Hong Kong Airport authorities, early on Tuesday morning, announced that all arriving and departing flights are cancelled, as pro-democracy protesters started arriving at the airport second day in a row. Officials at Beijing have stated that the "anti-government" protests at the airport are showing "signs of terrorism". This likening of the protest to terrorism gives the government an excuse to use brute force.

On Monday, all outbound and some inbound flights had been cancelled as pro-democracy demonstrators swarmed the airport. The Chinese government released statements and videos hinting at police action to be taken against the demonstrators. Even after many protesters left later during the day, airport activities remained paralysed.

Thousands of protesters have again returned to the Hong Kong Airport. Predicting the throngs of protesters, Airport authorities took the call to cancel approximately 150 arriving and 160 departing flights.

Getting to the airport has become an ordeal, as carparks are full, and trains and buses are full of inbound protesters. The airport itself is crowded with protesters and stranded travellers. Many travellers who had flights departing on Monday have chosen to "camp-out" at the airport to see if they can fly out on Tuesday. Such hopes have been quashed as the airport remains non-functional on the second day.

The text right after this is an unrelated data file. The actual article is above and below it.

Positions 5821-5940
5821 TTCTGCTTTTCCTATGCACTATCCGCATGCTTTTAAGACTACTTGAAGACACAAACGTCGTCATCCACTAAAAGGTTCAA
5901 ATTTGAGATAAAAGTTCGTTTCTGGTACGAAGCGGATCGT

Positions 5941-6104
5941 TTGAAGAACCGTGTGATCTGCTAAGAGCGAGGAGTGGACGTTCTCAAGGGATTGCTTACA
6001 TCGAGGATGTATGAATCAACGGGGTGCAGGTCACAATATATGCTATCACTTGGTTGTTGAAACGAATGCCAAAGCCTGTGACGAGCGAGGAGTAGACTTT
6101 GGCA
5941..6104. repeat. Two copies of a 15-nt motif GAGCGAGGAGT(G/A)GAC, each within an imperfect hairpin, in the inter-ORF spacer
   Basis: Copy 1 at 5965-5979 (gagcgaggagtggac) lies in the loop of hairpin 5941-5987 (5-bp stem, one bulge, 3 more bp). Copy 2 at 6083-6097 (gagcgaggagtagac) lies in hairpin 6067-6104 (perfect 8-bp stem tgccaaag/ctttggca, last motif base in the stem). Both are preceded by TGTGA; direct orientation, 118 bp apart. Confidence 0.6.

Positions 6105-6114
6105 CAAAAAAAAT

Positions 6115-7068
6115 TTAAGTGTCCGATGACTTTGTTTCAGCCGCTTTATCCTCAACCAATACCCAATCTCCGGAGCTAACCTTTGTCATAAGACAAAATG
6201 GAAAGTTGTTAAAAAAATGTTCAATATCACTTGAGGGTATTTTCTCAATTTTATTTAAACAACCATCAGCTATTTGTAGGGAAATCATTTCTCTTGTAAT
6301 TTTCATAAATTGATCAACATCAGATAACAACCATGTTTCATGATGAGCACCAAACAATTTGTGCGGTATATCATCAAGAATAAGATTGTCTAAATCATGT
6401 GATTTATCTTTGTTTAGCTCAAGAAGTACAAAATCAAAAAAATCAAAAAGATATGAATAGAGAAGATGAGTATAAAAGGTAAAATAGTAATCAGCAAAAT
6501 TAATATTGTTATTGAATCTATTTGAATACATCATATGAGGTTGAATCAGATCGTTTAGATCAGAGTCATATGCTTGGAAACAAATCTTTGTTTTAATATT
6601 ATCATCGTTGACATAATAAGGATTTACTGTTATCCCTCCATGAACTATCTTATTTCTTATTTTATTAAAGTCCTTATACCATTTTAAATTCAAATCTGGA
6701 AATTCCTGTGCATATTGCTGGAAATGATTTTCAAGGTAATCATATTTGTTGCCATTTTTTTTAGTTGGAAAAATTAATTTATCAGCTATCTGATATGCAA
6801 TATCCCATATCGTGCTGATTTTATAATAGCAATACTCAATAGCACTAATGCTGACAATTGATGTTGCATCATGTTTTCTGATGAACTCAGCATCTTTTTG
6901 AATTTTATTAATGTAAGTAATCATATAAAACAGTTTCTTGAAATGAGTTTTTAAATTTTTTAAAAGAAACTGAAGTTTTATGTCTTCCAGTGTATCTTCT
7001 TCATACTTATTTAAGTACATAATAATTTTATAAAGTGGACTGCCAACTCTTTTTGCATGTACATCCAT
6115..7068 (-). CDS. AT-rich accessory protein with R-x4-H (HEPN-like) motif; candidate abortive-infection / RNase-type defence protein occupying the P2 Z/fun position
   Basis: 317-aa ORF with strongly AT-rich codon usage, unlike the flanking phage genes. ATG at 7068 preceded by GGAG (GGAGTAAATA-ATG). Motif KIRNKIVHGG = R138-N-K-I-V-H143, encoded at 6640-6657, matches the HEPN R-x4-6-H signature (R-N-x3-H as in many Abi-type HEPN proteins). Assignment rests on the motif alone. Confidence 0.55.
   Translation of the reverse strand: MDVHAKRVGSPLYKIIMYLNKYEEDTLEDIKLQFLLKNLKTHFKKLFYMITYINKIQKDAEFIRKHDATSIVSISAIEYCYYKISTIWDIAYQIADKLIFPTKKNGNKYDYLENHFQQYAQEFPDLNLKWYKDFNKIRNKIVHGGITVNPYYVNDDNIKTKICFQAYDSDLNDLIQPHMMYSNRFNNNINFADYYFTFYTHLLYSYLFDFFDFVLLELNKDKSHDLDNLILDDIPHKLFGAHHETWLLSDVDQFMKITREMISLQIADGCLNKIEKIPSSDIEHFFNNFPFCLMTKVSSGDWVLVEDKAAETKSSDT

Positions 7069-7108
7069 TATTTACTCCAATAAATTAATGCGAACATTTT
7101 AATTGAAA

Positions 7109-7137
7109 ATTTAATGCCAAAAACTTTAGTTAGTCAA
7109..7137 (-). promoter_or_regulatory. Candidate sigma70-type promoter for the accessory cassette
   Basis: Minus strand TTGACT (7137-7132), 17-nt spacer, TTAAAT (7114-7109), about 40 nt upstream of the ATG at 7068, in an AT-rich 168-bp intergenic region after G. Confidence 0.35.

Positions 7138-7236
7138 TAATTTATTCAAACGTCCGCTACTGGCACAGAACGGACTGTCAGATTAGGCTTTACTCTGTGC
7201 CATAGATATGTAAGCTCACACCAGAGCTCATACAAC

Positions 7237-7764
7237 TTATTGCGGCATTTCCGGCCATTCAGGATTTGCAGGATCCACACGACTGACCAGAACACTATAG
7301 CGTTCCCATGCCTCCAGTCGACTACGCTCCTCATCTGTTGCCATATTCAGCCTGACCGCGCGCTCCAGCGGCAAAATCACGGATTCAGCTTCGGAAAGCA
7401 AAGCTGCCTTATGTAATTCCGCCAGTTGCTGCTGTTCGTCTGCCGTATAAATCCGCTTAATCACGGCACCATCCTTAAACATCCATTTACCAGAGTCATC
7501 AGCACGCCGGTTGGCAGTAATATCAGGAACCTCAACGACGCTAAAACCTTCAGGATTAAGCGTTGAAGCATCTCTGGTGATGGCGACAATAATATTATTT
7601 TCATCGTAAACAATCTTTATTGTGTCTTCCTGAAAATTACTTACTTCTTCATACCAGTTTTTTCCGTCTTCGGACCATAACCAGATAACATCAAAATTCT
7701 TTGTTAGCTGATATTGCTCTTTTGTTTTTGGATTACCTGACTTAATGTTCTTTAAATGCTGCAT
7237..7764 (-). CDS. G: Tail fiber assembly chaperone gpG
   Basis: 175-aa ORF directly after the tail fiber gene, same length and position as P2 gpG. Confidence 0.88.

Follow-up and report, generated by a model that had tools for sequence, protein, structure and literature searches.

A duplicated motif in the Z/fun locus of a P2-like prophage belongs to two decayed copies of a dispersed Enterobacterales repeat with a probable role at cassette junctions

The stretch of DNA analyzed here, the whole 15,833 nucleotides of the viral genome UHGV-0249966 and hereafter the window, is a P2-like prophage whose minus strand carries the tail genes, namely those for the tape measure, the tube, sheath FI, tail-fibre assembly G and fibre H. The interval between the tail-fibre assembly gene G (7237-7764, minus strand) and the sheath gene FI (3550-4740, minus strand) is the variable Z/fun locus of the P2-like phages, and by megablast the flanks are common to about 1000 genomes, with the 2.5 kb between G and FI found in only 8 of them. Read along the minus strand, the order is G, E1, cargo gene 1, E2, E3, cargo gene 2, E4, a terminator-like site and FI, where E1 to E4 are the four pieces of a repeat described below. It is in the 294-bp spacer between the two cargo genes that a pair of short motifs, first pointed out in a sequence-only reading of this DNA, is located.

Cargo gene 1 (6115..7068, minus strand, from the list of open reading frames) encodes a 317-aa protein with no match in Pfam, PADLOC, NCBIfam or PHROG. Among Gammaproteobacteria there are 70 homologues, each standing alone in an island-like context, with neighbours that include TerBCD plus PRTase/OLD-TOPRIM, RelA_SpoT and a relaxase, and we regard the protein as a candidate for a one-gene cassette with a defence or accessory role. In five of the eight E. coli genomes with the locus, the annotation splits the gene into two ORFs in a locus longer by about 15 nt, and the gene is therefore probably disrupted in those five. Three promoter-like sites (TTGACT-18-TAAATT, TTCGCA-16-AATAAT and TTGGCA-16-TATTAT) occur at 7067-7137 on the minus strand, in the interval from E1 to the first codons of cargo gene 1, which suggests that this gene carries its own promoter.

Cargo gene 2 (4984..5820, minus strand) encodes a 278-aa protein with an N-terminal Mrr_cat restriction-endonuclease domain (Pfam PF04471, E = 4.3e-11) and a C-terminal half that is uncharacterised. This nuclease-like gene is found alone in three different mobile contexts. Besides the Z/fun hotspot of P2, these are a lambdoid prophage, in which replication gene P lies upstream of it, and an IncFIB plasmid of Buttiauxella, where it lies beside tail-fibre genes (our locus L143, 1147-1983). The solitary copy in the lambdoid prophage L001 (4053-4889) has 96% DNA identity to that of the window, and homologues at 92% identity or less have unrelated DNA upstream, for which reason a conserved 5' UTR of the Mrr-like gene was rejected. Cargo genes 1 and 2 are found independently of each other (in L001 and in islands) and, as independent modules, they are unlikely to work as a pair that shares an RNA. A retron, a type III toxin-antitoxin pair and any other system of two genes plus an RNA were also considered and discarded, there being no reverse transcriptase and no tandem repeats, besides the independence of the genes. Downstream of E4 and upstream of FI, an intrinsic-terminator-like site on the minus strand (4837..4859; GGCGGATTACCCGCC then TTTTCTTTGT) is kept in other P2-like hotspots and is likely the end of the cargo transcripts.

Hong Kong Umbrella democracy protests
Police try to subdue Hong Kong protesters Ed Jones/AFP

The airport has been chosen as the central venue of protest because police are less likely to use force to remove the protesters in front of foreign travellers. Protesting in front of travellers from various countries also helps raise international awareness regarding the situation. Protests crippling one of the busiest airports in the world cannot be ignored by the Chinese government.

However, the strategy of holding the airport hostage might be backfiring on the protesters. Many stranded travellers have stated that the shutting down of a gateway to the city is only destroying the reputation of Hong Kong. Similar sentiments have been shown by leading airline Cathay Pacific Airways. Statements made by Cathay representatives have condemned the disruptive activity of the protesters.

Carrie Lam, a prominent Hong Kong leader, released statements on Tuesday asking protesters to reflect on the destructive path that they have chosen. As government officials are viewing the protests as an act of terror, it is plenty evident that they are gearing up to brutally shut down protests. Lam urged the protesters to not push the government to take extreme measures. The city has already been wounded by the protests and if they do not revert to law and order they will "push Hong Kong into an abyss".